Vray: if the bulk of your work is on interiors, i’d definitely lean towards Vray. You’ll get high quality and faster interiors with this engine than the others in this list. The UI for the VFR plugin is the best as well out of all of these on this list. I do have some development concerns with updates and such with VFR based on the past, but maybe that is going away. But still . . . an awesome render engine.

Thea Render: Thea attempts to do it all, and it’s a great engine. However, it’s user base, at least for Rhino seems small, and it’s development has been slower than I’d like. I’ve pretty much stopped using Thea however, because of it’s lack of animation support with Bongo. That’s a deal killer for me.

Anyway, personally, I’d download copies of both Vray and Octane and spend some time with them and see what works best for you. I don’t think you could go wrong with either. My choice to do most of my work in Octane was simply based on the fact that for my daily work it was more productive for me than Vray. Same quality and faster results for all the product shots and animations.

Hope this helps in some way,

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That’s great! Thanks Ryan for the over-view.

I downloaded VRay 3.6 and have to say after a little tutorial studying, I find it to be very well thought out. The interface is great! Seems to be quite solid and stable in my novice hands:-)

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And don’t be afraid to lower the rendering quality (let’s say from very high to high or even medium) and use the de-noiser.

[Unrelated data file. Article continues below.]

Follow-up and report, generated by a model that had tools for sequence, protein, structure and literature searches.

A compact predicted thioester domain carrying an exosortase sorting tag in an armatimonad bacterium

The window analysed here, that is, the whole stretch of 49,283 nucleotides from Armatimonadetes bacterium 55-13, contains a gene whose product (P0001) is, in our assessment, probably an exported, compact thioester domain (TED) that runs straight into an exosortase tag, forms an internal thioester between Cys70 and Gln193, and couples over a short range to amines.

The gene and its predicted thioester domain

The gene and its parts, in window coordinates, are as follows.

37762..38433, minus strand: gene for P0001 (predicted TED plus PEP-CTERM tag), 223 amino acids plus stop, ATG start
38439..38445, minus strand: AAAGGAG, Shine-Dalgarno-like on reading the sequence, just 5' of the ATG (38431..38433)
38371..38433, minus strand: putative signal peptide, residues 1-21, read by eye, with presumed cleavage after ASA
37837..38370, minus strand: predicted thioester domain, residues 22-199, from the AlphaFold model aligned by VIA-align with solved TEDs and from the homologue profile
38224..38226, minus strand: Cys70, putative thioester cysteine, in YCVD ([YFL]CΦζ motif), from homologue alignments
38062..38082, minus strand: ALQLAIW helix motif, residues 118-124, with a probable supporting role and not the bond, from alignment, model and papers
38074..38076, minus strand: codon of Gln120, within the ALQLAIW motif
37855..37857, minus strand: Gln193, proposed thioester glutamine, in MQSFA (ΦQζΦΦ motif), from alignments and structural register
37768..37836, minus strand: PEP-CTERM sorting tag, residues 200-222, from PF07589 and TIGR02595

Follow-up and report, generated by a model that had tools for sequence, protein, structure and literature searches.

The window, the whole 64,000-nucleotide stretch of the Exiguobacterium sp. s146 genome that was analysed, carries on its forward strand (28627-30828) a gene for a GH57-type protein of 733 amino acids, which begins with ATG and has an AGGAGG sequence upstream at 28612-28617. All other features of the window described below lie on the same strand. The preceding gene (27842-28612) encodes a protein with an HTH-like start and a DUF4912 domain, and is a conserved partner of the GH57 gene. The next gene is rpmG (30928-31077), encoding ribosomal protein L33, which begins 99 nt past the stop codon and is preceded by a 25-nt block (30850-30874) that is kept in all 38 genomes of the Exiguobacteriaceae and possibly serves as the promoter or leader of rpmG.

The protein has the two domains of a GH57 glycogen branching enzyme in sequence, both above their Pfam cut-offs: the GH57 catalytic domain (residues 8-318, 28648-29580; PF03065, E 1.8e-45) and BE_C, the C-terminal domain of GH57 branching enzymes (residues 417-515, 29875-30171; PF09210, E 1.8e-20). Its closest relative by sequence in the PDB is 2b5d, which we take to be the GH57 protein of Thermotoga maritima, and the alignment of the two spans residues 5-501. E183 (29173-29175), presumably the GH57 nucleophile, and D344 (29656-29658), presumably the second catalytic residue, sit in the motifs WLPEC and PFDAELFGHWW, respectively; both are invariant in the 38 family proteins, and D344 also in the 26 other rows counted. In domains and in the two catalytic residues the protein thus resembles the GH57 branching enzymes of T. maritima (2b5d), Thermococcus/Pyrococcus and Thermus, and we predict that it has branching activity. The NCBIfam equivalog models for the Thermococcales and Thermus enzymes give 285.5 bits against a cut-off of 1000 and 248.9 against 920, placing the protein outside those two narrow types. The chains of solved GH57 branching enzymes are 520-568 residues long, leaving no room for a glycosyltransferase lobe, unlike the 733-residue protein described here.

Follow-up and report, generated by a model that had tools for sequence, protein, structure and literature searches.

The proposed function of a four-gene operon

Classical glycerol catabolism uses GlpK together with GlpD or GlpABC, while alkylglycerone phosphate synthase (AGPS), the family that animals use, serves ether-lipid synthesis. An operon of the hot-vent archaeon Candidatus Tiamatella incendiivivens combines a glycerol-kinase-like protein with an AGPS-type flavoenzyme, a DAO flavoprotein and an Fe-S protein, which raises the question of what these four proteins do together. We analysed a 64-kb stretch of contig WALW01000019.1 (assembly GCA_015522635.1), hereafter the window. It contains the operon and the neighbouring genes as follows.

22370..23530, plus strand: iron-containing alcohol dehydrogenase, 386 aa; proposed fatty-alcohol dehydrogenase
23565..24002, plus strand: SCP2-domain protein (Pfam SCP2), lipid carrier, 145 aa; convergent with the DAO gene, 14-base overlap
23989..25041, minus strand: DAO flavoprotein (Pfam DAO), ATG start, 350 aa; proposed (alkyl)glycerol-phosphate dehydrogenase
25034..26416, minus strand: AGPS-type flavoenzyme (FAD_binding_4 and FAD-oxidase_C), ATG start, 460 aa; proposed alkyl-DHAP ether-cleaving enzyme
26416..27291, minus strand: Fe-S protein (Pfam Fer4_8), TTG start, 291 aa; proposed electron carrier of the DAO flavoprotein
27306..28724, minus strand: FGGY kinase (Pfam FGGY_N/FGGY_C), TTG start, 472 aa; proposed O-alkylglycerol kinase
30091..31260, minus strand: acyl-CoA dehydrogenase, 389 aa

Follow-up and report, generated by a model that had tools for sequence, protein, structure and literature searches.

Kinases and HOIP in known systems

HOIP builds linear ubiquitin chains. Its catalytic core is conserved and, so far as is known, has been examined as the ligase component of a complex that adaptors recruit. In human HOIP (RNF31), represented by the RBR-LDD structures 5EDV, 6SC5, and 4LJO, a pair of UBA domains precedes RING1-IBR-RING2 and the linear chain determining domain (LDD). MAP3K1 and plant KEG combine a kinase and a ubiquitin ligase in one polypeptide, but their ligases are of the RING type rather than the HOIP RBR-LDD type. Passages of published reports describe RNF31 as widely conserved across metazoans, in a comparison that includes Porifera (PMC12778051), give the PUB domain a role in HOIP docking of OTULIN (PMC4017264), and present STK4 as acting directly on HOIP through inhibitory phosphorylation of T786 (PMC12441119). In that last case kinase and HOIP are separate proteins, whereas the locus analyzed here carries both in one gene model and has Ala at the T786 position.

It works very well and can cut your render time by half. Just watch so fine texture (such as leather, fabric or brushed metal) don’t get smoothed away.

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After using VRay for a few hours, I’m very happy with it’s performance and stability in Rhino. I can see myself switching over to it for all of my work.

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One last thing… you noticed the “cloud” button under the render button?
It can mean that you won’t buy any new hardware anymore…

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Marc – do you happen to know what the pricing structure will look like on the Vray Cloud? I couldn’t find any info on it on the ChaosGroup website? I’m wondering if this will be a viable pricing structure for only large production shots and animations, or if it’s meant to be something to use for daily work. Probably the former . . .

PaulS – please share any cool tests you do in Vray, I’d love to see them. With the latest 3.6 release (I have an older version not the latest) there seems to be some significant updates to the Rhino plugin. I’m eager to test out the latest as well when I have time.

Hi Ryan.
I’m finding the implementation of 3.6 very good. I wish more GPU functionality was there but the basic stuff is fantastic. Rhino 6 is very, very fast…great speed enhancements under the hood. I’m very pleasantly surprised at the combo with Vray added.

You may have seen these quick tests with Vray 3.6: